From questions that cement relationships, to those that help us plan for the future, each chapter in Ask More explores a different type of inquiry. By the end of the book, you’ll know what to ask and when, what you should listen for, and what you can expect as the outcome. Packed with illuminating interviews, the book explains:
How the Gates Foundation used strategic questions to plan its battle against malariaHow turnaround expert Steve Miller uses diagnostic questions to get to the heart of a company’s problemsHow NPR’s Terry Gross uses empathy questions to dig deeperHow journalist Anderson Cooper uses confrontational questions to hold people accountableHow creative questions animated a couple of techie dreamers to brainstorm Uber
Both intriguing and inspiring, Ask More shows how questions convey interest, feed curiosity, and reveal answers that can change the course of both your professional and personal life.
Bernal Díaz del Castillo, himself a soldier under Cortes, presents a fascinatingly detailed description of the Spanish landing in Mexico in 1520 and their amazement at the city, the exploitation of the natives for gold and other treasures, the expulsion and flight of the Spaniards, their regrouping and eventual capture of the Aztec capital.
“A history that is both accurate and authentic, written in a delightful literary style.”—Archbishop Desmond Tutu
“Should become the standard general text for South African history. . . . Recommended for college classes and anyone interested in obtaining a historical framework in which to place events occurring in South Africa today.”—Roger B. Beck, History: Reviews of New Books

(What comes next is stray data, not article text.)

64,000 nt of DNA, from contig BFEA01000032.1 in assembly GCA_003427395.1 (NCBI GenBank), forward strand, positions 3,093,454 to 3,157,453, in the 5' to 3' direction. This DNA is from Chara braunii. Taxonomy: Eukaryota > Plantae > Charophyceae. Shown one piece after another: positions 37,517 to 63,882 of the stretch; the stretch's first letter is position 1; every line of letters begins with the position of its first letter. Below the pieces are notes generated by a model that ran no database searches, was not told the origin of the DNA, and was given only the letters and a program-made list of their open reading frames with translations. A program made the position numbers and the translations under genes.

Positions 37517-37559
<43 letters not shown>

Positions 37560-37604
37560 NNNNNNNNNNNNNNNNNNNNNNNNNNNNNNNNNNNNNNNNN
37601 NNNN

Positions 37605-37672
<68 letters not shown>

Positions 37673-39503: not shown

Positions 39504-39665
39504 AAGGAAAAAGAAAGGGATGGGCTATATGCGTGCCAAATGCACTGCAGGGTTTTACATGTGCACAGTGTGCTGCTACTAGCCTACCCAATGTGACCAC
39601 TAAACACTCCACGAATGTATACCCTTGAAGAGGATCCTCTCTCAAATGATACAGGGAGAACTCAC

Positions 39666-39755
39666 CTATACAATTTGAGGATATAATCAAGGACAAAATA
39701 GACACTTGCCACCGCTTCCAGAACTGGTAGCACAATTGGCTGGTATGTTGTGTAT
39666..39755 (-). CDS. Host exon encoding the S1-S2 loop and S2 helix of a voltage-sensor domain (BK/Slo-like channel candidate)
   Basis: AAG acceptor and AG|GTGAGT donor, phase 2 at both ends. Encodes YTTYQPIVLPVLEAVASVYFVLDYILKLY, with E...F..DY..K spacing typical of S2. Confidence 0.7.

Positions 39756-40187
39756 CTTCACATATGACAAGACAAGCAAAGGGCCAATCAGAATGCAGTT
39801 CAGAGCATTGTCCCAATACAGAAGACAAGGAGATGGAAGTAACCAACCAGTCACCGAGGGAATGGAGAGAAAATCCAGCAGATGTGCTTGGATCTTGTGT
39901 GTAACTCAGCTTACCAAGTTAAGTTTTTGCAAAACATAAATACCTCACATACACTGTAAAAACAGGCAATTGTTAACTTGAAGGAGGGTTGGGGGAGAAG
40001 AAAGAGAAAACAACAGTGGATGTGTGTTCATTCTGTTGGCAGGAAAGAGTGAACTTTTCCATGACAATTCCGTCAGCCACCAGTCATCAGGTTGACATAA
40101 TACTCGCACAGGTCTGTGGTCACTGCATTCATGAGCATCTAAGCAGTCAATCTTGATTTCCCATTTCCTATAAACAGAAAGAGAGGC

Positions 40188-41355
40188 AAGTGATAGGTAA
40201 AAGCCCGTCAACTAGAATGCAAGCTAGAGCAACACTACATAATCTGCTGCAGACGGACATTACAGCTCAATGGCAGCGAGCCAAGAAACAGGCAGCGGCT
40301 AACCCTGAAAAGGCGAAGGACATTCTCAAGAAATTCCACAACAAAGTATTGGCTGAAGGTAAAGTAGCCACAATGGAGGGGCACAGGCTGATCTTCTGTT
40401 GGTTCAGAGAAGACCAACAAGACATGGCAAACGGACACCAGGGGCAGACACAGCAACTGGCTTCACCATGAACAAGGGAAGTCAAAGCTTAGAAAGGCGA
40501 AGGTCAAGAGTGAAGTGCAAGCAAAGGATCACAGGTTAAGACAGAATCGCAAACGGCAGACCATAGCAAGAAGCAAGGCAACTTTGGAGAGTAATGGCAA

Western civilization is the envy of the globe. It has given to the world universally accepted understandings of human rights (rooted in Judeo-Christian principles), created standards for art, music, and literature that have never been equaled, and originated political and social systems that have spread all across the planet.
Unfortunately, the fog of political correctness now obscures these and other truths about Western civilization. Leftists and Islamic jihadists find common cause in assailing Western "colonialism," "imperialism," and "racism" as its defining characteristics. Guilt-ridden Western leaders and public figures speak of their cultural patrimony in disparaging terms they would never dare to use about a non-Western culture. And in the academy, "multicultural"-minded professors flatter students into believing they have nothing really to learn from Sophocles or Shakespeare.